This year, WNYC is taking a close look at New York City's affordability crisis, one neighborhood at a time. And we're starting in Mott Haven in the South Bronx. It's a community that's struggled for decades with crime and poverty. But like much of New York, it's gentrifying. Here are some of the tell-tale signs.
1. Developers are staking a claim
Somerset Partners and the Chetrit Group have bought up old warehouses along an industrial stretch of the Harlem River waterfront, just like developers did in Dumbo and Williamsburg years ago. They're planning six residential towers plus restaurants, a coffee shop, beer garden, food hall and boutique nearby. "We want to respect the heritage of the community, the people and at the same time provide opportunities for individuals and families both existing in the community and new to the community," said Somerset partner Keith Rubenstein.
2. Artists and millennials are moving in
Galleries are sprouting up along the waterfront, and the new coffee shop is a hub for recent college grads who've been priced out of other boroughs. Developer Rubenstein has partnered with designer Jerome Lamaar to open a boutique. Lamaar says he wants to do for the Bronx what Jay Z has done for Brooklyn. "My goal is to make it into a hub for creativity, because I love art, I love fashion, I love culture," he said. "So for me this is a representation of the way I've always seen the Bronx."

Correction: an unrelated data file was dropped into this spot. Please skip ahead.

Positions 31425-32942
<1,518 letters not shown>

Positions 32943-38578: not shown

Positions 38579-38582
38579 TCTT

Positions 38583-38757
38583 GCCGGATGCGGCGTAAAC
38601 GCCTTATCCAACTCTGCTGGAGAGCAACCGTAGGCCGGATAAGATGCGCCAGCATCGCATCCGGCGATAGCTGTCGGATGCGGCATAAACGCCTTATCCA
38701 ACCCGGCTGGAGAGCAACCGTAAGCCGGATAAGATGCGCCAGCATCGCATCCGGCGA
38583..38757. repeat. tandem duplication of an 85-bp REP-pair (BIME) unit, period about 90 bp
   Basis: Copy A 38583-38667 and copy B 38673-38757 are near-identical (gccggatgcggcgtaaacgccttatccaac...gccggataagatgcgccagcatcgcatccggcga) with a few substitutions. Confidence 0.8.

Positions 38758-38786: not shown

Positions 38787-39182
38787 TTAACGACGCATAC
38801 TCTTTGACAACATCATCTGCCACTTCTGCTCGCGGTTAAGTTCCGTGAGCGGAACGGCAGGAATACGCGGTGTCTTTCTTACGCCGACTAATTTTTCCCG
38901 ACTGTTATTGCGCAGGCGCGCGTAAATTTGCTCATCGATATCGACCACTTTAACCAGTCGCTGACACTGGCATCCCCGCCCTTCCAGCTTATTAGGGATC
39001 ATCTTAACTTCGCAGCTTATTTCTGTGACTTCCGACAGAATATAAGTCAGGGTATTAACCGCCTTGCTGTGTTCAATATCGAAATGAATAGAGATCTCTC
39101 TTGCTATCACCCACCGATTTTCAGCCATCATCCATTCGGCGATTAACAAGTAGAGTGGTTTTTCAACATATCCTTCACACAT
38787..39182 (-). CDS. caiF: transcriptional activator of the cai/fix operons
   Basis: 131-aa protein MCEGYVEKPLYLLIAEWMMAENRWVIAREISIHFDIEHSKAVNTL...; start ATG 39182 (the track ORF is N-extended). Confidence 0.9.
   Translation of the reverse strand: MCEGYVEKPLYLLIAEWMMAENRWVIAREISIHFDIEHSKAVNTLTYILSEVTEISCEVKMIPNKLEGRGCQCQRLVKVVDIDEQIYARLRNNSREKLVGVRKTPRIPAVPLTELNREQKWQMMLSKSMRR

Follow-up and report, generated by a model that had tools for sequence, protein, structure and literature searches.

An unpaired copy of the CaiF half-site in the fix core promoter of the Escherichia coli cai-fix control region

3. Housing costs are spiking
NYU's Furman Center recently listed Mott Haven among the city's top gentrifying neighborhoods, with rents up 28 percent since the '90s. Rowhouses are being snatched up at foreclosure auctions, renovated and flipped. And residents are worried about getting pushed out. "It's real good to live in the Bronx, but the rent is crazy," said lifelong resident Sonia Santiago. "Maybe they want to move these people and bring the white people."
4. Community leaders are mobilizing
Developer Rubenstein and his partners got flak for trying to rebrand the neighborhood The Piano District, after the old piano factories that used to be there. Then many community members were outraged when he hosted a party for celebrities and local politicians a year ago that had burning trash cans and bullet-riddled cars as decor. Most recently, he teamed up with Bronx-born producer Swizz Beatz for an art show that was criticized for failing to include enough local and Latino artists. Rubenstein says he didn't mean to offend anyone, and is committed to working with the community. But Ed Garcia Conde who writes the blog Welcome2TheBronx calls it the Columbus effect. "First you think, 'Oh that's nice, that we are no longer being overlooked,'" he said. "Then all of a sudden you realize this isn't for us. This isn't for anyone who lives in the Bronx. This is clearly for people from Manhattan or Brooklyn who are being pushed out of other boroughs."
For the next few months, WNYC producer Sophia Paliza-Carre will be at the Mott Haven Library to hear your thoughts. If you live or work in the South Bronx, stop by, or continue the conversation online at #motthavenspeaks.